Fulfillingness' First Finale
Released: July 1974
Chart Peak: #1
Weeks Charted: 65
The cover of Fulfillingness' First Finale depicts a staircase of keyboards rising -- from the Motor Town Review and "Fingertips" through gold records, Grammies and an auto accident -- to the sky. It's remarkably apt, for the careers of few performers in popular music have been such uninterrupted ascents. Nothing, not even a brush with death, has interrupted Wonder's progress toward ever higher ground, and FFF is a new plateau. As its title declares, the album is a culmination of what has come before, but it is by no means a final destination.
Since he assumed complete control of his musical direction in 1972 (relegating Motown to the role of merchandiser), Wonder's albums have been about vision. About the false visios that delude and undo people (ambition in "Superwoman," superstition in the hit of the same name, shady demagogy in "Big Brother" and "He's Misstra Know-It-All," and dope in "Too High"); about Wonder's idealistic "innervision," which is religious, romantic, and political at the same time; and about things as they are.
If Talking Book deals primarily with love of woman and Innervisions with love of humanity, FFF concerns the love of God. Wonder's faith has become more inner-directed and otherworldly, less easily threatened by the hear-and-now. "Heaven Is 10 Zillion Light Years Away" but Stevie Wonder can feel God within him, despite His seeming absence from the contemporary scene. "Feel it (yeah) feel His spirit." A self-assured serenity pervades FFF, and it opposes the tension and urgency which made Talking Book and Innervisions more exciting albums. FFF's tunes and tempi are for the most part easygoing, more like "Sunshine of My Life" than "Living for the City" or "Superstition." The album aims at relaxed enjoyment; it's not something to get hot and bothered about.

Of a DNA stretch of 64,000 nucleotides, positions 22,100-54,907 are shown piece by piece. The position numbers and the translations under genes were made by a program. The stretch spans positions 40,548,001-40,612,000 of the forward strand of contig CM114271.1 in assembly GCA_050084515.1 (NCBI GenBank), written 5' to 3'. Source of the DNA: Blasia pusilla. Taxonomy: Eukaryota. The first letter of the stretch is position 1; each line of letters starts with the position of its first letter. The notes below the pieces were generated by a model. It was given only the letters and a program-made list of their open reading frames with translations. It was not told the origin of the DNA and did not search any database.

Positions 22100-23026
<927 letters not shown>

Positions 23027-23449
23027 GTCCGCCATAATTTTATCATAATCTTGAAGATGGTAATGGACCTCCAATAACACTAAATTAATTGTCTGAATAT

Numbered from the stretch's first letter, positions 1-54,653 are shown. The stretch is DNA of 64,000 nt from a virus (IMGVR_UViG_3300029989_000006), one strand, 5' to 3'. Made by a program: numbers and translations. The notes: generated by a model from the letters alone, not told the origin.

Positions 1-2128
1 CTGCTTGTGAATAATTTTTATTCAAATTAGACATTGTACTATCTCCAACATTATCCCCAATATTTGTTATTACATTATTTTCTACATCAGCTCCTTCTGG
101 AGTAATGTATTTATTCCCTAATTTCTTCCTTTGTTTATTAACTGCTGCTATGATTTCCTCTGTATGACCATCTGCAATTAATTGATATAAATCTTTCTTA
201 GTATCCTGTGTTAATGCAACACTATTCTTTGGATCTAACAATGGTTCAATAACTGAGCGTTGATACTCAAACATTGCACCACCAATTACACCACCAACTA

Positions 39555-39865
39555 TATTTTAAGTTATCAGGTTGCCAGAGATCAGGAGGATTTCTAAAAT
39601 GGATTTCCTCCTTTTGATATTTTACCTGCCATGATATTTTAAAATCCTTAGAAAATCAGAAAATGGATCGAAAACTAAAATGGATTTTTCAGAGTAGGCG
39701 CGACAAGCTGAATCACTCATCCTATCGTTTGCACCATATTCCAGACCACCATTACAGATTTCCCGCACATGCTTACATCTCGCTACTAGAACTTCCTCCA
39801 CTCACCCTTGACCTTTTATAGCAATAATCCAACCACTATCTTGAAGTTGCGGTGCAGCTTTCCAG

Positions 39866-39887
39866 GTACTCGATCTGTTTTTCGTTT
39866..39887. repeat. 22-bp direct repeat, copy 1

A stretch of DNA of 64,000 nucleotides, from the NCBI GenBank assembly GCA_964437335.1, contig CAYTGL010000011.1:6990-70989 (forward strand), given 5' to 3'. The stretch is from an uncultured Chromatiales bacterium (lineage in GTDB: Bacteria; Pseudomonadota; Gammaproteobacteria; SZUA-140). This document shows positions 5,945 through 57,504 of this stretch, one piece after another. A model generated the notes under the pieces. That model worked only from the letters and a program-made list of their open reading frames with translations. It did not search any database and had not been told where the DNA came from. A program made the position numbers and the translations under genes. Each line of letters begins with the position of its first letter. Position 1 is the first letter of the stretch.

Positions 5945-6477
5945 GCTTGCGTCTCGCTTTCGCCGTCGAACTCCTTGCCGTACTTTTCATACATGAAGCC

FFF is less funky, less specifically black than its predecessors. For Wonder's onward and upward development has consistently been away from strict soul music and racial categories or limitations. Because of this, his appeal -- greater than that of almost any other performer today -- cuts across social and ethnic barriers. In this respect he's ideally suited to Motown, which has never been content with an exclusively black market. But unlike so many Detroit acts, whose wooing of white listeners leaves them pallid and gutless, Wonder's music expands and its integrity is strengthened, not diminished.